How technology supports New Zealand’s apples and pears industry
NEW ZEALAND is one of the 33 major apple growing countries in the world, and for the past four years, it has been a leading force in the market in terms of output and innovations, despite deterioriating weather conditions.
US-based World Apple Review last year named New Zealand as a leading innovator in the industry for the fourth year in a row.
Alan Pollard, CEO of New Zealand Apples & Pears (NZAP) is a prominent name in the industry and a strong voice when it comes to representing the industry in international forums.
According to NZAP’s estimates released earlier this year, the country is expecting a modest increase in the gross crop for 2019 with produce expected to reach 604,500 tons.
This is 2.5 percent growth from previous year’s produce — and is a result of the producers in the country exploring new and innovative technology solutions.
In an interview with Tech Wire Asia, Pollard helped understand New Zealand’s view on technology in the apples and pears industry.
“Our industry funds an extensive R & D programme each year, along with R & D being commissioned by individual members.
“This includes such things as robotics and automation both on-orchard and post-harvest; production technologies around tree structure, crop protection and environmental tools; technology around pest and disease proactive risk identification, resistance and management; and new varietal development.”
One of NZAP’s members, Longview Packhouse in Hawkes Bay, is a great example of a company using technology to improve quality, output, and efficiency.
The company has brought in many technology solutions — including a Compac blemish sorter, a palletizing robot, and an automatic strapping machine.
“It’s really changed our business. Dad and myself in my younger days were having to check what our 30 human sorters were letting past and packing, and what they were throwing out,” said Packhouse Manager Michael Caccioppoli who took over the business after his father.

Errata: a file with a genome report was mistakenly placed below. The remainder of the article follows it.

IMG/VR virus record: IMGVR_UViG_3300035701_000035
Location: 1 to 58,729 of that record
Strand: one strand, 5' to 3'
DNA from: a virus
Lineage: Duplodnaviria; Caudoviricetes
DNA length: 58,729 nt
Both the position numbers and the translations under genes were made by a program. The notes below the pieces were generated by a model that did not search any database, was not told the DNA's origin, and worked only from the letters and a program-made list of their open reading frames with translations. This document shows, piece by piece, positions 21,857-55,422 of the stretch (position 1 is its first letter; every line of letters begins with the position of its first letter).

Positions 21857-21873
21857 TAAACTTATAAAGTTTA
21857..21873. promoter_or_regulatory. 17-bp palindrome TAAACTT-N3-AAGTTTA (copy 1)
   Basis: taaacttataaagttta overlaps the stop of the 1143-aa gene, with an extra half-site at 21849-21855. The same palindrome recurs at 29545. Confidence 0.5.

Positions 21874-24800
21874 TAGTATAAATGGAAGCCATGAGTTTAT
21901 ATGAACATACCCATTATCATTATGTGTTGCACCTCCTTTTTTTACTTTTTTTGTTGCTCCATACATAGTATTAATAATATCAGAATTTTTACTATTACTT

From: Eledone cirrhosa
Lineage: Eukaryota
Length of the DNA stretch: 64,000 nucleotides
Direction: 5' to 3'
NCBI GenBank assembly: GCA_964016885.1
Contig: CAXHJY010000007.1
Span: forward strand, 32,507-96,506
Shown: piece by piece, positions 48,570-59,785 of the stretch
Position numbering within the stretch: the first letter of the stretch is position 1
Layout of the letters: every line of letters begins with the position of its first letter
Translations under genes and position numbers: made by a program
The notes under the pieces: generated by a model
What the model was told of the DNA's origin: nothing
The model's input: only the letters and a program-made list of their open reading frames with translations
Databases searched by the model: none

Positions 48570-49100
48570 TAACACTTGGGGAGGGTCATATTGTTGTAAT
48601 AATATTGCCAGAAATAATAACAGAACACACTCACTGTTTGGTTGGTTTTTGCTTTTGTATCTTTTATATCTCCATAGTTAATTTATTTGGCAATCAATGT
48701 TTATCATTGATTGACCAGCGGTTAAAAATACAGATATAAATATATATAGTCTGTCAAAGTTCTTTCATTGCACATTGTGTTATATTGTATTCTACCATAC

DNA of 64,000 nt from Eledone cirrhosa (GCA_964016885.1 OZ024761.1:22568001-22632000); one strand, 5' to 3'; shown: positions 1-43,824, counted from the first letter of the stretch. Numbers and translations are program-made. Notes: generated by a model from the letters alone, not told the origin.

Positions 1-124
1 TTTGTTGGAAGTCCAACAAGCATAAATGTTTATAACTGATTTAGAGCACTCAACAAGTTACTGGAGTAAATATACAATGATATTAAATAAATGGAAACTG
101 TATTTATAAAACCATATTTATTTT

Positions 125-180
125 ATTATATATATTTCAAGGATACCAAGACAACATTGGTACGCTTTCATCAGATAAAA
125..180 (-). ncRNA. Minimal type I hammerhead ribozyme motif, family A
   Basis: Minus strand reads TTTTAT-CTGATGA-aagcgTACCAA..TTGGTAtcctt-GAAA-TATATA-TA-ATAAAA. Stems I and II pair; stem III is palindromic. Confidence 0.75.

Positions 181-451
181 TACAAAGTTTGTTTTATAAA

“It’s not easy work; they had to make a snapshot decision on each piece of fruit because every piece is subtly different.”
The sorter scans up to 60 apples a second, taking 40 photos of every piece of fruit, and sorting them based on their colour, size, shape, and any defects.
The packhouse uses the automatic strapping machine to put corner boards onto the pallet before strapping each pallet eight times – twice as many straps as was possible with manpower.
Of course, Longview Packhouse isn’t the only one using technology innovatively.
“If we are to maintain our position as the number one apple industry in the world, we will need to continue to develop and embrace emerging and new technologies,” explained Pollard.
“These will continue to focus on the areas identified above. Deployment globally of new varieties developed via our industry owned breeding programme will continue to provide international competitive advantage to NZ growers.”
However, Pollard is also mindful that technology isn’t as easily applied to agriculture as we’d like to think.
The NZAP CEO said that understanding the social impact of new technologies, accessing people for the industry with the right skills, and capital constraints are among the top challenges for the country’s burgeoning industry.
Using technology has allowed Longview Packhouse to grow its business. Its machine produce perfectly square pallets that can be easily stacked into a shipping container for transport to Asia, North America, or the UK or Europe.
“Demands from our customers are getting higher, which is fine because we’re asking for more money as we’re producing a more premium product.
“That means we have to deliver a more consistent product and the technology we use definitely gives us that,” explained Caccioppoli.
For peers in the industry, Longview Packhouse is a great example of what can be achieved when technology is leveraged to transform a business.
What they’ve achieved is interesting, but each apple and pear farmer must remember that they have unique needs and explore how different applications of technology can support them best before making an investment.
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